How Sweden is Reinventing the Wine Map [Swedish Wine]
Sweden isn’t usually the answer on the tip of someone’s tongue when asked about countries that produce excellent wine.
In fact, I'd hazard a guess at saying it would surprise most people to learn that they even make wine in Sweden.
However, the world wine map is changing, and changing fast.
Nations that were once too far north and too cold for growing wine grapes are now producing wine, and great wine at that!
England is one such example that is now producing world-class sparkling wine.
So, what’s changed?
A Changing Sweden
Winemaking has existed in Sweden for around 20 years already. However, it was nothing more than a hobby and wines certainly never saw export.
To make grape growing possible on a large scale something needed to change and that was the temperature.
Global warming has seen a worldwide increase in temperatures but Sweden is seeing the effects play out even more rapidly.
The temperature here has risen by around 2 degrees Celsius whereas the worldwide average is just 1 degree Celsius.
It has been estimated that the winter temperature in Sweden could increase by as much as 7 degrees Celsius by 2100 (source).
All this is generally terrible news but it has allowed winemaking to flourish here.
Being so far north, Sweden has something that the famous winemaking countries of Italy and France (to name a couple) don’t.
And that is almost 24-hour sunlight.
During the peak of summer, some vineyards in Sweden experience up to 23 hours of daylight. This extended exposure to sunlight is beneficial for the ripening of grapes, leading to unique and innovative wine varieties.
The long development period for the grapes results in unusually high acidity. This gives wines from Sweden a very unique “terroir” or sense of place.
However, even now, winemaking only exists in the very south of the country. Most wineries are located in the southern counties of Scania and Södermanland.
Here at around 56 degrees latitude, the hours of sunshine during the growing season are longer than anywhere else in Europe but due to the latitude, the grapes take longer to ripen.
During the growing season, Södermanland is said to receive 25% more sunshine hours than Bordeaux.
And that leads me to the second reason why winemaking has taken off in Sweden over recent years. The production of new wine varieties that are hardier and more resilient in the face of changeable weather.
I’ll discuss this in more detail in the following section.
Which Wine Grapes Grow in Sweden?
Now, I mentioned how Sweden has been warming at quite a rate. However, it’s still far from being a warm country. So which type of grapes are suited to a country that has an annual average snowfall of 74 cm?
Two of the most popular wine grapes grown in Sweden are Solaris and Rondo.
Solaris is a white grape similar to Sauvignon Blanc in style. It was actually only created in 1975 by the Freiberg Wine Institute when they cross-bred Merzling and GM6493. It’s a grape that was created for its resilience and resistance to disease and mildew. Ädel is a popular wine made by Gute Vingård. It’s a sweet wine produced with botrytized Solaris grapes.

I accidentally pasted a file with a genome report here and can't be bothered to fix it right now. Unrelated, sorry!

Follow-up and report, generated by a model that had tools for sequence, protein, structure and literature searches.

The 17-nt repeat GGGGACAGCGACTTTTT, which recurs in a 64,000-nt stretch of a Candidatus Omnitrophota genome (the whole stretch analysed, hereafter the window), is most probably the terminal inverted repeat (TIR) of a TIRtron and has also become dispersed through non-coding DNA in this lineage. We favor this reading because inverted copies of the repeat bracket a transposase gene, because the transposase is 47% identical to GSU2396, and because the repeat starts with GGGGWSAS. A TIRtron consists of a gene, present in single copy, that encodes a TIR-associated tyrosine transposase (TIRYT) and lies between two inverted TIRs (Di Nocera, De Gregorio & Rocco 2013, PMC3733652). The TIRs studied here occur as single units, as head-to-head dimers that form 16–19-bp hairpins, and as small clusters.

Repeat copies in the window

Rondo is a dark-skinned variety that was created in 1964. It was created by crossing Zarya Severa and St. Laurent grape varieties. It is known for its high resistance to frost and mildew.
Another popular wine grape in Sweden is Vidal Blanc. This grape is commonly used to make Ice Wine (Eiswein), where it is allowed to freeze on the vine. Swedish Ice Wine is quickly becoming sought after, with Blaxsta Vingard Vidal Ice wine receiving critical acclaim.
Léon Millot is a dark-skinned grape that was created in 1911 by crossing Millardet et de Grasset 101-14 with Goldriesling. This grape is well suited to cool climates where it has a high resistance to fungal disease. It can produce big bold Syrah-like wines or lighter wines more like a Pinot Noir.
Buying Wine in Sweden - Problems Ahead?
It all sounds very promising for the future of Swedish wine, doesn’t it? Well, yes and no.
Sweden has a unique system for licensing alcohol sales and it’s not without its problems.
Systembolaget is a government-owned chain of liquor stores that is the only licensed place to buy alcohol higher than 3.5% ABV.
There are over 450 stores nationwide and also an online service. Burgeoning online wine recommendation tools like Vinodino also exist to work in tandem with Systembolaget.
The Swedish alcohol licensing system presents a small problem to Swedish wineries in that they may not sell bottles of wine to visitors. Well, not directly anyway.
Should somebody visiting a local winery wish to purchase some wine, they would need to visit a local Systembolaget store instead.
On-site wine sales made at tours and tasting events make up a significant portion of winery profits in other countries.
In this article, a winery owner in Wisconson, USA suggests that proposed restrictions on wineries selling their products on their premises would likely “...put in-state wineries and breweries out of business,”
As a result, very few Swedish wineries are actually profitable. At least not solely from their winemaking anyway. They rely on side ventures like restaurants.
This restriction is a real shame because Swedes are spending more money than ever on expensive wine. Just think how wineries could benefit from this with a change in legislation.
However, a recent Supreme Court ruling granted a Danish company permission to market alcohol within Sweden, so the monopoly on alcohol sales could be about to change.
Let’s hope for the sake of Swedish winemakers that stances continue to soften. They will need to continue doing things the hard way for now, but that’s the only way they’ve ever known.